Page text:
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The Potential of Lasers as Deterrents to Protect Birds in the Alberta Oil Sands and Other Areas of Human-Bird Conflict Open Access


Other title
bird deterrent
human-wildlife conflict
oil sands
behavioural ecology
Type of item
Degree grantor
University of Alberta
Author or creator
Cassidy, Ffion Louise
Supervisor and department
Colleen Cassady St. Clair (Biological Sciences)
Examining committee member and department
Marcia Spetch (Psychology)
Clover Bench (Agricultural, Food and Nutritional Science)
William Ted Allison (Biological Sciences)
Department of Biological Sciences
Date accepted
Graduation date
Master of Science
Degree level
Human population growth, urbanization, and industrialization are rapidly increasing the potential for human-wildlife conflict throughout the world. Such conflict is often mitigated by attempting to deter wildlife from the affected areas, but wildlife frequently habituate to deterrent devices, which makes them less effective over time. Birds are both susceptible to conflict with people and likely to habituate to deterrents, and this causes ongoing conflict that can threaten the livelihoods of people (e.g., agriculture and aquaculture), the safety of bird populations (e.g., offshore drilling platforms, oil spills, and industrial sites), and also human safety (e.g., aircraft strikes). One such conflict occurs in the oil sands region of northern Alberta, which is located beneath a continental flyway for waterfowl. Because the ponds produced by oil sands mining contain bitumen and other toxic substances, oil sands operators are legally required to prevent birds from landing on them. Efforts are made to deter birds with elaborate systems based mainly on high-intensity acoustic stimuli. In spite of this effort, recent standardized monitoring has revealed that tens of thousands of birds still land on tailings ponds annually. Birds rely heavily on vision and a greater focus on visual deterrents could increase the efficacy of existing deterrent systems, particularly if visual stimuli have high ecological relevance and exploit the sensory systems of birds. Lasers may fill both of these criteria, and also have the advantage of being visible at night when most birds migrate. Several authors have advocated use of lasers as bird deterrents, but there are few published tests of their efficacy on wild birds and none are based in an ecological framework. I advanced this field by exposing birds to lasers in relation to three variables that I predicted would be important to laser saliency; laser colour (green vs. violet), season of exposure (spring vs. fall) and the foraging mode of the targeted water-associated birds (divers, dabblers, and waders). I also examined the environmental covariates of ambient light, time of day (morning vs. evening), weather (fair vs. inclement), and the distance between the laser source and target bird(s). Fieldwork was conducted in and near Edmonton, AB on natural and man-made ponds where I found wild water-associated birds. These included several species of ducks, geese (Family Anatidae), and shorebirds (primarily, Family Charadriidae). In each of several hundred trials, one or more birds was exposed to a moving laser beam trained on the adjacent water, and I recorded whether or not the bird(s) exhibited an escape response by flying away or diving beneath the surface of the water. I found that green lasers were more likely to generate escape responses than violet ones, both lasers were less effective as ambient light increased, and birds were more responsive in morning and spring compared to evening and fall. There was no difference between dabbling and diving birds in their response to lasers, but I was unable to compare the responses of waders due to small sample sizes. The distance of the target bird(s) from the laser source did not affect their responsiveness, supporting the efficacy of lasers as bird deterrents over large spatial scales. Based on complementary information from the literature, I propose that lasers are effective as deterrents for water-associated birds that frequent the oil sands region, that they may be made even more effective by pairing them with a relevant acoustic stimulus, and that the use of violet lasers during dark conditions may lessen the habituation by birds as compared to the use of green lasers alone. These results and their potential extensions could support best practices for bird protection in the oil sands region and, potentially, many other contexts involving conflict between people and birds.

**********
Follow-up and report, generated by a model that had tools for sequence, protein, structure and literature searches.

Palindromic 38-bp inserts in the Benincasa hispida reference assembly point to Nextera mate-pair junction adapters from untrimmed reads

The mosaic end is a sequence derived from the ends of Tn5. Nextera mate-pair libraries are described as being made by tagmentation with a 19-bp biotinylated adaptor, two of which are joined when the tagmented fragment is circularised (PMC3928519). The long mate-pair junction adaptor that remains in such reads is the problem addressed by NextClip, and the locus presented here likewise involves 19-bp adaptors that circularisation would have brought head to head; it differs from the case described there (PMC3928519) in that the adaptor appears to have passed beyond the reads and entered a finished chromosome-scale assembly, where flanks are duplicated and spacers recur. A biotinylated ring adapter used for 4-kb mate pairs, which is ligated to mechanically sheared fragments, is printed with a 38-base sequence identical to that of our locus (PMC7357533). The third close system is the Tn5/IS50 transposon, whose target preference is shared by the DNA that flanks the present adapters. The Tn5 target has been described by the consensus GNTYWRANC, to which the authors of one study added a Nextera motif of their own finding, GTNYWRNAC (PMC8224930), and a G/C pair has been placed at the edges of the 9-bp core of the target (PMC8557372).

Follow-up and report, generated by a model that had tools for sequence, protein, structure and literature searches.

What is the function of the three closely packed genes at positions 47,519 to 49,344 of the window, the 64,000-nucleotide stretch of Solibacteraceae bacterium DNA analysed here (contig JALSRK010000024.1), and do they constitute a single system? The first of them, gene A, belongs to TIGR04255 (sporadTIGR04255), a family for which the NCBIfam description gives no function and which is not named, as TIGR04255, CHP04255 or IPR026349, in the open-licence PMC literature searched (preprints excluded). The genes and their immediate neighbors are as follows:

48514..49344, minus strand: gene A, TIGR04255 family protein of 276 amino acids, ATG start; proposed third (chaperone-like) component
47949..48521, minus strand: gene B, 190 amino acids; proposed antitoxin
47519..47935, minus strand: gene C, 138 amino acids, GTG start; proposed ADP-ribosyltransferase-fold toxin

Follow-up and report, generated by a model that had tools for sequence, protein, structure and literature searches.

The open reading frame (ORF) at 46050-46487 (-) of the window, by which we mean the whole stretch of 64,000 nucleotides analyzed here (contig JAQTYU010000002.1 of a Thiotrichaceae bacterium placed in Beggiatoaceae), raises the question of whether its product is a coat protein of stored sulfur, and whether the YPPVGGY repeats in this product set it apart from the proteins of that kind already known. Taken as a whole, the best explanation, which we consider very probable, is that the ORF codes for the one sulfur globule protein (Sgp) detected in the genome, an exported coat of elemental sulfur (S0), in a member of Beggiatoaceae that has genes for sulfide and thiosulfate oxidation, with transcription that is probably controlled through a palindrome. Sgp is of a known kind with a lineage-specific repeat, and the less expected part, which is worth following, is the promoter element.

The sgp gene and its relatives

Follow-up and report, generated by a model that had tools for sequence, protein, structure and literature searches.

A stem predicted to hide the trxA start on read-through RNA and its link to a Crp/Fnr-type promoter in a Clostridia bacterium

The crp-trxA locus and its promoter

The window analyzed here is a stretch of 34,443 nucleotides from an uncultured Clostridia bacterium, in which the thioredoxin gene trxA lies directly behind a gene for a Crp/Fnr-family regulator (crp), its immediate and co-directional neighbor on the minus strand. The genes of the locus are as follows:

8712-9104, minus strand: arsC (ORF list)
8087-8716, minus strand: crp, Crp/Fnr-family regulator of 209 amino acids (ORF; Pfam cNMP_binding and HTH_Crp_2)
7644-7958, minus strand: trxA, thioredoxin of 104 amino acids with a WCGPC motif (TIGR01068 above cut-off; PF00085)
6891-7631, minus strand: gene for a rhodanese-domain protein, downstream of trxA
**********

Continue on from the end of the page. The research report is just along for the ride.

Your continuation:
This thesis is made available by the University of Alberta Libraries with permission of the copyright owner solely for the purpose of private, scholarly or scientific research. This thesis, or any portion thereof, may not otherwise be copied or reproduced without the written consent of the copyright owner, except to the extent permitted by Canadian copyright law.
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